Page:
Sunday, April 23, 2006

The Minimum Wage Debate

A student calls to my attention a recent release from Senator Hillary Clinton's office, which says "Senator Clinton is a strong advocate of increasing the minimum wage." It also says "she will introduce legislation when Congress returns to link Congressional pay increases to increases in the federal minimum wage."

It looks like the minimum wage is shaping up to be an issue in the 2008 Presidential election.

To read conventional analyses of the economics of minimum wages, click here and here. For Steven Landsburg's always provocative take on things, click here.

Finally, I cannot resist offering an excerpt from my favorite textbook:

The minimum wage has its greatest impact on the market for teenage labor. The equilibrium wages of teenagers are low because teenagers are among the least skilled and least experienced members of the labor force. In addition, teenagers are often willing to accept a lower wage in exchange for on‑the‑job training. (Some teenagers are willing to work as "interns" for no pay at all. Because internships pay nothing, however, the minimum wage does not apply to them. If it did, these jobs might not exist.) As a result, the minimum wage is more often binding for teenagers than for other members of the labor force.

Many economists have studied how minimum-wage laws affect the teenage labor market. These researchers compare the changes in the minimum wage over time with the changes in teenage employment. Although there is some debate about how much the minimum wage affects employment, the typical study finds that a 10 percent increase in the minimum wage depresses teenage employment between 1 and 3 percent. In interpreting this estimate, note that a 10 percent increase in the minimum wage does not raise the average wage of teenagers by 10 percent. A change in the law does not directly affect those teenagers who are already paid well above the minimum, and enforcement of minimum-wage laws is not perfect. Thus, the estimated drop in employment of 1 to 3 percent is significant.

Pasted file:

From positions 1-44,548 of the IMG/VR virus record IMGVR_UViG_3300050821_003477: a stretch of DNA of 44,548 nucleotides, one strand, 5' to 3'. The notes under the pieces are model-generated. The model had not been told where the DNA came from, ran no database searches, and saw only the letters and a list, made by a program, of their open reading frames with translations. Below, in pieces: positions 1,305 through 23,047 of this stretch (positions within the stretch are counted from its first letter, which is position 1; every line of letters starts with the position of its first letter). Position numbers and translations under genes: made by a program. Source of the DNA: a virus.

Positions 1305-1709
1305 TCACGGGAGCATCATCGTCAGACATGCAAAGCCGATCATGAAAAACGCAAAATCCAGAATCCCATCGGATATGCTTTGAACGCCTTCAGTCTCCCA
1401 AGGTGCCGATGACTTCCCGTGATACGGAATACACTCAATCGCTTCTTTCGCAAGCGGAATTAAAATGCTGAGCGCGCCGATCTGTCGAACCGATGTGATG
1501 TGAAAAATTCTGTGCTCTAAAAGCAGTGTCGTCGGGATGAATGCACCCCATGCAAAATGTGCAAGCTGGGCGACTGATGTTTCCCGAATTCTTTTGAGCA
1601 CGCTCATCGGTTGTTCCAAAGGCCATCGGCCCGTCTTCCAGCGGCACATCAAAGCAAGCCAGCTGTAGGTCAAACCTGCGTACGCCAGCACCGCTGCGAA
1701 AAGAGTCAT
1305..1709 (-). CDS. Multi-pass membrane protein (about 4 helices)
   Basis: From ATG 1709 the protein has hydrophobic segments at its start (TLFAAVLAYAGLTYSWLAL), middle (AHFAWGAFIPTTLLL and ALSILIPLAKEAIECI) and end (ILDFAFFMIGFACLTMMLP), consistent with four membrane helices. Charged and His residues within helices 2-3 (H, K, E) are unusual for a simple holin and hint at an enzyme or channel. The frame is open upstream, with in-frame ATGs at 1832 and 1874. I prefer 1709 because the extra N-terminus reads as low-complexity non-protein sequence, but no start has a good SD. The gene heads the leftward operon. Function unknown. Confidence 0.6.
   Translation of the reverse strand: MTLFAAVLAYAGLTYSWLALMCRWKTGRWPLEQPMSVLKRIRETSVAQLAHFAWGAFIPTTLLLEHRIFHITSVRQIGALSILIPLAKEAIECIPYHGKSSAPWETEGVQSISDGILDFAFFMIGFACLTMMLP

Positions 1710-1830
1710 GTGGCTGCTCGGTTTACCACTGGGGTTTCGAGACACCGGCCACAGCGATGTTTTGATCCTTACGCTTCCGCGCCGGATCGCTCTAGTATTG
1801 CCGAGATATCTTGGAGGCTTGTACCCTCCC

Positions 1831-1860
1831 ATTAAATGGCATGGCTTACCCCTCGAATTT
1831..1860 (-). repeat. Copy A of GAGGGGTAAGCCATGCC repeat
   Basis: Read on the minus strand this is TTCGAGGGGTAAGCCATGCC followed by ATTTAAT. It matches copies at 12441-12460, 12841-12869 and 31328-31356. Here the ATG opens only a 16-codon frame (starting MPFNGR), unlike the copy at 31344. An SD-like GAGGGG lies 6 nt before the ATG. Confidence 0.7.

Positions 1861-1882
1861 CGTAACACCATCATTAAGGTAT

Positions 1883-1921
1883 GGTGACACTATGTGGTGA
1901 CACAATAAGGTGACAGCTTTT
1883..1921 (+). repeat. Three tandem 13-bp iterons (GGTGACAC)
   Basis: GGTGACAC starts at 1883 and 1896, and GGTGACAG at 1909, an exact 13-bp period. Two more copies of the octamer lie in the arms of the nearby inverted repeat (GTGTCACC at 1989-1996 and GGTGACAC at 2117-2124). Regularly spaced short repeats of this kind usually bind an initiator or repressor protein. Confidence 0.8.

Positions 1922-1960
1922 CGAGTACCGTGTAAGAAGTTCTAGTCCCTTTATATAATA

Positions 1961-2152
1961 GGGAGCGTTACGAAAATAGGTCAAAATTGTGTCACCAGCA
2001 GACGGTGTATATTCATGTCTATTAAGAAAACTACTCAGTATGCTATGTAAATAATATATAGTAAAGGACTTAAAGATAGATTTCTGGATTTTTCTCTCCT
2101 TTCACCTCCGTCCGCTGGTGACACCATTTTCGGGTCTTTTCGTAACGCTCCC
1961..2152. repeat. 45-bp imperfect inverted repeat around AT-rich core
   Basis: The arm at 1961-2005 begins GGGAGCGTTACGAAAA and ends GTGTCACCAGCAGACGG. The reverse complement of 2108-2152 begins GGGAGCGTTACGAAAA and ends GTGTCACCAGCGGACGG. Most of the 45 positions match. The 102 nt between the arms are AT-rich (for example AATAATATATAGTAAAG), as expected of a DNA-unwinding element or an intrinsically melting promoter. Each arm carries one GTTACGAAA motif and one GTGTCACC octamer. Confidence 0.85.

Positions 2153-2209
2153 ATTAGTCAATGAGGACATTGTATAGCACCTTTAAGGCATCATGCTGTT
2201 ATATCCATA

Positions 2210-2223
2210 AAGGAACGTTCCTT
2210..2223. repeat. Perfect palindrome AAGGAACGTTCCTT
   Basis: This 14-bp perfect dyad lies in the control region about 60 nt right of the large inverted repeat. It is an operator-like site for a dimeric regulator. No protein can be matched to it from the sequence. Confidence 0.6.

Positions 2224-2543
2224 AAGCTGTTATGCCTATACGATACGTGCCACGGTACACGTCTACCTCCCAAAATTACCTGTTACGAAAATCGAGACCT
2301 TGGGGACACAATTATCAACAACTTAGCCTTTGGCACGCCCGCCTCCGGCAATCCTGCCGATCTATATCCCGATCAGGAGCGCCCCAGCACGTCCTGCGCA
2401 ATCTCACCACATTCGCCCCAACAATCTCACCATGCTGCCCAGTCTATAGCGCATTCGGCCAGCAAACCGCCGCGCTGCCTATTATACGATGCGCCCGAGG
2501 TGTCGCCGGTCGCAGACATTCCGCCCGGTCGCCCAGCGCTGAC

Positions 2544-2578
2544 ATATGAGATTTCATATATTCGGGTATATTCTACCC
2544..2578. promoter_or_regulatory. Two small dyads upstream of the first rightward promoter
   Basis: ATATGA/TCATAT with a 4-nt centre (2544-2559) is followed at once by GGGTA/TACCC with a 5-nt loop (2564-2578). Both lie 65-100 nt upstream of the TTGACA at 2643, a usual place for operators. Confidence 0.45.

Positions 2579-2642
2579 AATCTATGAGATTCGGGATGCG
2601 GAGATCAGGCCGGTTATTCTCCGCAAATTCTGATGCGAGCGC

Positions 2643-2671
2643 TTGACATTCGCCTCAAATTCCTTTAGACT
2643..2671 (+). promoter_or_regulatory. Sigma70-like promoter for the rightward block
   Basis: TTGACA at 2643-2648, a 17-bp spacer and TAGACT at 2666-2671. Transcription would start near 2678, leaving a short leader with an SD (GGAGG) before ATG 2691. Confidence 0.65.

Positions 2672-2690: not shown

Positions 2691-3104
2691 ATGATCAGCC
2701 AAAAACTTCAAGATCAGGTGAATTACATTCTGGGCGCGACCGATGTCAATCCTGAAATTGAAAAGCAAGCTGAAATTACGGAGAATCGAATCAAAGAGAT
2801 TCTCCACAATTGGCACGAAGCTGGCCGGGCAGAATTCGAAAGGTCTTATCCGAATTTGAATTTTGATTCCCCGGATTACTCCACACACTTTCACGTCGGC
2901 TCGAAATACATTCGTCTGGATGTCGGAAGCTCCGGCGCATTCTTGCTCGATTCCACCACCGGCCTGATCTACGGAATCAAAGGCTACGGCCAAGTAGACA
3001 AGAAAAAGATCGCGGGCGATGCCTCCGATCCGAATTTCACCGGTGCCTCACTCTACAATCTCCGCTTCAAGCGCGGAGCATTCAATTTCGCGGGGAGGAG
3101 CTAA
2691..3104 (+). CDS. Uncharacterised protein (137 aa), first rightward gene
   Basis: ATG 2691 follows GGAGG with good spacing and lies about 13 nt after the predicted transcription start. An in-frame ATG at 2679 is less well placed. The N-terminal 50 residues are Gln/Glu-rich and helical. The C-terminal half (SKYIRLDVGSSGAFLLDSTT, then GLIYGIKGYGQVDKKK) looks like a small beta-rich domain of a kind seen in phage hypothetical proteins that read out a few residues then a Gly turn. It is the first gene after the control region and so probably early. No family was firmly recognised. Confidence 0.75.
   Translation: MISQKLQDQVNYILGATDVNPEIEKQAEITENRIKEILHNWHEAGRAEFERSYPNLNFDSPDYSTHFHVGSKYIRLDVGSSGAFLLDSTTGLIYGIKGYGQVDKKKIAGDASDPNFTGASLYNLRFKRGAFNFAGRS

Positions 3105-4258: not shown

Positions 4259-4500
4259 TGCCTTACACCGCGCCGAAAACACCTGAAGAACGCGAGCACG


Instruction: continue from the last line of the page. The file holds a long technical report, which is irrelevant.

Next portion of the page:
In addition to altering the quantity of labor demanded, the minimum wage also alters the quantity supplied. Because the minimum wage raises the wage that teenagers can earn, it increases the number of teenagers who choose to look for jobs. Studies have found that a higher minimum wage influences which teenagers are employed. When the minimum wage rises, some teenagers who are still attending school choose to drop out and take jobs. These new dropouts displace other teenagers who had already dropped out of school and who now become unemployed.

The minimum wage is a frequent topic of political debate. Advocates of the minimum wage view the policy as one way to raise the income of the working poor. They correctly point out that workers who earn the minimum wage can afford only a meager standard of living. In 2005, for instance, when the minimum wage was $5.15 per hour, two adults working 40 hours a week for every week of the year at minimum-wage jobs had a total annual income of only $21,424, which was less than half of the median family income. Many advocates of the minimum wage admit that it has some adverse effects, including unemployment, but they believe that these effects are small and that, all things considered, a higher minimum wage makes the poor better off.

Opponents of the minimum wage contend that it is not the best way to combat poverty. They note that a high minimum wage causes unemployment, encourages teenagers to drop out of school, and prevents some unskilled workers from getting the on-the-job training they need. Moreover, opponents of the minimum wage point out that the minimum wage is a poorly targeted policy. Not all minimum-wage workers are heads of households trying to help their families escape poverty. In fact, fewer than a third of minimum-wage earners are in families with incomes below the poverty line. Many are teenagers from middle‑class homes working at part-time jobs for extra spending money.